Mississippi: Crops Look Good, Rains Prevent Some Field Work – USDA

    Crop Progress and Condition for the Week Ending July 27, 2014.

    According to the National Agricultural Statistics Service in Mississippi, there were 4.9 days suitable for fieldwork for the week ending Sunday, July 27, 2014. Topsoil moisture supplies were 1 percent very short, 14 percent short, 68 percent adequate, and 17 percent surplus. Subsoil moisture supplies were 2 percent very short, 14 percent short, 69 percent adequate, and 15 percent surplus.

    Low temperatures ranged from 62.9 degrees Fahrenheit at Ashland to 75.3 degrees Fahrenheit at Monticello. Highs ranged from 84.3 degrees Fahrenheit at Fulton to 94.7 degrees Fahrenheit at Monticello. Little to no precipitation occurred across the state with most areas receiving less than an inch of rain.

    Comments from Extension Agents

    “Cotton and peanuts continue to look good. Corn is drying down. Some hay being cut and rolled. Cattle look good and producers are still amazed at high prices paid for all classes of cattle. Gardens are producing good yields.”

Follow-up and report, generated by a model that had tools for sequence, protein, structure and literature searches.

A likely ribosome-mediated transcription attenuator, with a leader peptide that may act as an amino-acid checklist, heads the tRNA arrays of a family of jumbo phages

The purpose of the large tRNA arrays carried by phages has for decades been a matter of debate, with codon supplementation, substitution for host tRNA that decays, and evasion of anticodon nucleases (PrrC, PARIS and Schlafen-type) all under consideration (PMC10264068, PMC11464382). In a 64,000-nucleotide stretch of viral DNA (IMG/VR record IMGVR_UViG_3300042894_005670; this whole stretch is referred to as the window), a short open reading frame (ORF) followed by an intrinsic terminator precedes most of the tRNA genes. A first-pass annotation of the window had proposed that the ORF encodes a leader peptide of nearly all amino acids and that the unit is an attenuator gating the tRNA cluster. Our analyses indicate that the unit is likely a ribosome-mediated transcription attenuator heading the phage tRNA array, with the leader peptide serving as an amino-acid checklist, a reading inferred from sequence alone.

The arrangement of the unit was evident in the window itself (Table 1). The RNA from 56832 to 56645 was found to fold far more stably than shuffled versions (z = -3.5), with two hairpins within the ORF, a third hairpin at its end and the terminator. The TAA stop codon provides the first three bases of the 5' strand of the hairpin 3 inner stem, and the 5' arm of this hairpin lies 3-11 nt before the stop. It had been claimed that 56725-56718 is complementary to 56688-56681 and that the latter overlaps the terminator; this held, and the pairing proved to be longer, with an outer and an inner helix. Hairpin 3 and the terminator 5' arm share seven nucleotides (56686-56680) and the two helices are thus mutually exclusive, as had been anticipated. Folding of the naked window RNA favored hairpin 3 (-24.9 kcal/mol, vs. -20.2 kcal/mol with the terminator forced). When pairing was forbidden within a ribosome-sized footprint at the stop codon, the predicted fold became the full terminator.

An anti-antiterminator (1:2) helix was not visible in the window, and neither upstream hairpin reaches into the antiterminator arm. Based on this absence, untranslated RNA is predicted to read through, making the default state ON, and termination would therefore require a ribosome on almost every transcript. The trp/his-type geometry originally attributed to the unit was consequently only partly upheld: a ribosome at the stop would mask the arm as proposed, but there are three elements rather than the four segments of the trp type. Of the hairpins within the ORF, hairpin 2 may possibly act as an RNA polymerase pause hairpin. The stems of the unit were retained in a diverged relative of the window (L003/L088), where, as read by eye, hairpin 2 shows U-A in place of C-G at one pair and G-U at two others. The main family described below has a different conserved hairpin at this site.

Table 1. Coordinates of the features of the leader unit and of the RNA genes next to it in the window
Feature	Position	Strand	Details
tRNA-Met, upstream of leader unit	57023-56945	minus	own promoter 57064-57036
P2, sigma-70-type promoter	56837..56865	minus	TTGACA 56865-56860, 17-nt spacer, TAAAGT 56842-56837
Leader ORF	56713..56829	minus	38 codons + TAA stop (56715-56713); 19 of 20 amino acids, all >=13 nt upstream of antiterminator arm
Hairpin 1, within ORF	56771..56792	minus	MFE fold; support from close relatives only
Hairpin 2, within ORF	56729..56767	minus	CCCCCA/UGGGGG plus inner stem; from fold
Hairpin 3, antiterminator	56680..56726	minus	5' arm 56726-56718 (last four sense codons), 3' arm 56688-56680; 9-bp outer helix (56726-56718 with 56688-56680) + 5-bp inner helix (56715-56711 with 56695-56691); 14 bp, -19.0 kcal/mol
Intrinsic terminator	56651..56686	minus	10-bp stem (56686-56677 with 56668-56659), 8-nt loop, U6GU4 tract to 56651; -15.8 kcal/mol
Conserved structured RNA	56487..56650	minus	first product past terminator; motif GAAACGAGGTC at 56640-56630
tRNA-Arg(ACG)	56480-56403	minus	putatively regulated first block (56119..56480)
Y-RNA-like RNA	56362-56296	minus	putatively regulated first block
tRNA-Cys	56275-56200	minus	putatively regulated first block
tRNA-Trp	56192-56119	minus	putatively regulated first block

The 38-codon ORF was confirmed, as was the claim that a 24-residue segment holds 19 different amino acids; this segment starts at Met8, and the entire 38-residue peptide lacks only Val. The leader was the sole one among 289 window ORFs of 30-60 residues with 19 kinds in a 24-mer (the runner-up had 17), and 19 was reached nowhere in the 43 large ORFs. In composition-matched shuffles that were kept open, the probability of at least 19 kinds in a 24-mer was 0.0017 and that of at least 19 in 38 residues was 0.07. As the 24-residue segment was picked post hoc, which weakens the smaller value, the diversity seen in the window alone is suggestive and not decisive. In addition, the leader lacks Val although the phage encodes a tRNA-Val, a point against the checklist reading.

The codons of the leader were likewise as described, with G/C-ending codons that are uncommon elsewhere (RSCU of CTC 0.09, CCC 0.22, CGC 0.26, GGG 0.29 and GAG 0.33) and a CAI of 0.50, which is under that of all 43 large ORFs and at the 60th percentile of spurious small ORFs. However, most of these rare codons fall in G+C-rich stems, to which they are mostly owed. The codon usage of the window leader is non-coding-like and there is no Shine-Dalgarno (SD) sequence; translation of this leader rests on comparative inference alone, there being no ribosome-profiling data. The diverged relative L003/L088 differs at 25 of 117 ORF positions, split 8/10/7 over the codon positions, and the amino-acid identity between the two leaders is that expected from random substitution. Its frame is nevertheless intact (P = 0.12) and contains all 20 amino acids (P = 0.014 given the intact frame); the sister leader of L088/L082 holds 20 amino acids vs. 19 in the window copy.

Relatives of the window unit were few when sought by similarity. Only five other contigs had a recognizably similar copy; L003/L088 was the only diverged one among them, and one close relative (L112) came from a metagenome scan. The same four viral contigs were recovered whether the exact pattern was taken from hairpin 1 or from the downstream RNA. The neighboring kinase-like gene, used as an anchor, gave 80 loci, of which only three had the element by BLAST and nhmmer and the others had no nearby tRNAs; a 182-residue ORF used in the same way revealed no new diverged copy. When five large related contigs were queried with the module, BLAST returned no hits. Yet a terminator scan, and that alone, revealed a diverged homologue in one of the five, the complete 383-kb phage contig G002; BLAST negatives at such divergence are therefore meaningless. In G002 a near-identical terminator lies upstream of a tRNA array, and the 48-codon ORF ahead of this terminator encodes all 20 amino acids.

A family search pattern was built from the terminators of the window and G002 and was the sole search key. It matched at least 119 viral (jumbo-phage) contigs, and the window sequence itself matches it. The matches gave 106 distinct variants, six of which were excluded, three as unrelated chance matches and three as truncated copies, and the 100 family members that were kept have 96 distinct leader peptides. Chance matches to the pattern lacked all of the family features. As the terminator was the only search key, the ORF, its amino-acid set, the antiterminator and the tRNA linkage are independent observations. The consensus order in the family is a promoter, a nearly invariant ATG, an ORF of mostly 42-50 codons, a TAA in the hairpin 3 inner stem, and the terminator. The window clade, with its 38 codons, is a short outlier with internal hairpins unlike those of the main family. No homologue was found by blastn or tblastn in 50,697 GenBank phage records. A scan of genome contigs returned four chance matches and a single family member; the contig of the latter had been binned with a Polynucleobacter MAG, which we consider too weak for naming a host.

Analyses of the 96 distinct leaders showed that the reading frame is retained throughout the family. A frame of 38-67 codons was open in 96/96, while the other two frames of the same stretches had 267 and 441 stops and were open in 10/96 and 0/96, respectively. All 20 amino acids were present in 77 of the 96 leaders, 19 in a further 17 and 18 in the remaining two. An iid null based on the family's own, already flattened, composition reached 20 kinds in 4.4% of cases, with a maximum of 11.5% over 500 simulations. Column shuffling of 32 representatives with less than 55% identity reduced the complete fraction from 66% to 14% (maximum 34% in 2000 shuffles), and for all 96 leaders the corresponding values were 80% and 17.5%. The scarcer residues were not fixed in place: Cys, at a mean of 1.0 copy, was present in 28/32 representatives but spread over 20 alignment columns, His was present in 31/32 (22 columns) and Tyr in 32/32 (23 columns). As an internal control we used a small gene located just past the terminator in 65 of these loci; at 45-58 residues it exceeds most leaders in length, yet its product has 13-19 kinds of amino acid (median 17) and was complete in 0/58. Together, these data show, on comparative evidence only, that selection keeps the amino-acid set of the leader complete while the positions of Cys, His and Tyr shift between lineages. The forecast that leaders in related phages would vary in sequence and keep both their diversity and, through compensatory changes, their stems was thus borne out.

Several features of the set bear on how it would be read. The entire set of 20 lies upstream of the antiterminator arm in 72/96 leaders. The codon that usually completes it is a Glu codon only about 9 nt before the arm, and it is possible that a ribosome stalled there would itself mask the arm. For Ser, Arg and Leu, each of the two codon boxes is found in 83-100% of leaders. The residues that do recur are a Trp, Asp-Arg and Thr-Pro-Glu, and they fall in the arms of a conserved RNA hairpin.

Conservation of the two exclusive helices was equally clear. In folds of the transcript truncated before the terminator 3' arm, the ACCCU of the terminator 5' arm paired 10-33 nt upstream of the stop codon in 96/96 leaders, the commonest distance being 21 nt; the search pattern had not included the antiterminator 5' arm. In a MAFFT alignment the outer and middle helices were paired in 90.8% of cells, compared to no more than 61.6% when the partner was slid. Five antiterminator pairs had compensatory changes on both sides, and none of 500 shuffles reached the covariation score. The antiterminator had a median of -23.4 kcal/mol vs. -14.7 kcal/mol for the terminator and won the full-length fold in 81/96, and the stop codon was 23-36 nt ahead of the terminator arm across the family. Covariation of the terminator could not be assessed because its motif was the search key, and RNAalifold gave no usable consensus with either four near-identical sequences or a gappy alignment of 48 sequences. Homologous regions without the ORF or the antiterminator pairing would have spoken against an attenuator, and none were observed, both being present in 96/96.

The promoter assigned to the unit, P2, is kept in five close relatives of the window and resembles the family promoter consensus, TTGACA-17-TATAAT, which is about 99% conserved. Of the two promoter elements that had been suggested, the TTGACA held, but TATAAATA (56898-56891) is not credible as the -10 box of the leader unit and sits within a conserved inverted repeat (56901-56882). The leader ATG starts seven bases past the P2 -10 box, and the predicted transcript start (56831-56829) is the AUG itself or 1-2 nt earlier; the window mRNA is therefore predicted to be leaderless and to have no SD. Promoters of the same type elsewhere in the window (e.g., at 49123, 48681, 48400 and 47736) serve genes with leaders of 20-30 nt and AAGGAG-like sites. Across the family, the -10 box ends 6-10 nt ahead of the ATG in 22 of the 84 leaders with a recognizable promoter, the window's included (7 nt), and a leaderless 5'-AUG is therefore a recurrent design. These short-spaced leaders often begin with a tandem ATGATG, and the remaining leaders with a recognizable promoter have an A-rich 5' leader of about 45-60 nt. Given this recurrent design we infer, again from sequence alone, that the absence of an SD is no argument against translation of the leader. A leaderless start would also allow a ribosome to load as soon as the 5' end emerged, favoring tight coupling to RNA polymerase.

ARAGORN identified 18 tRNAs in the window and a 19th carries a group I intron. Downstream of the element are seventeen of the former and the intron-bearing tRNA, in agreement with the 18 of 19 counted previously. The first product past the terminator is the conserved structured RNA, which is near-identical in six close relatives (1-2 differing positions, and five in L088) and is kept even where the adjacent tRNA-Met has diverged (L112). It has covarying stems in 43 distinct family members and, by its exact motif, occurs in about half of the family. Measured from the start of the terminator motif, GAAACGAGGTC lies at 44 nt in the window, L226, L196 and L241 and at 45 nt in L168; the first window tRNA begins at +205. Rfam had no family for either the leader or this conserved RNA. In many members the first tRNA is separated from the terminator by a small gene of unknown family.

–Lee Taylor, Forrest County

    “Intermittent showers this week prevented some producers from field work. More corn is reaching physiological maturity, rice is in the booting growth stage, and some cotton fields are beginning to bloom out of the top. The crops look great, producers are gearing up their harvest equipment, and the corn harvest is just a few weeks away.”
    — Jon M. Carson, Issaquena & Sharkey Counties

    “Armyworms have been creating issues in several hayfields. Spraying activities for armyworms has increased in the past 10 days.”
    –Patrick J. Poindexter, Alcorn County

    “This past week has been relatively dry compared to previous weeks. Afternoon showers have been a nuisance to hay producers. Okra growers are having a rough time this year due to weather conditions.”
    –Randall H McKey III, Amite County

    “Damage to sorghum by white sugarcane aphid at the boot stage has slowed maturity and the resulting stress is preventing some heads from emerging.”
    — Allan Keith Whitehead, Franklin County

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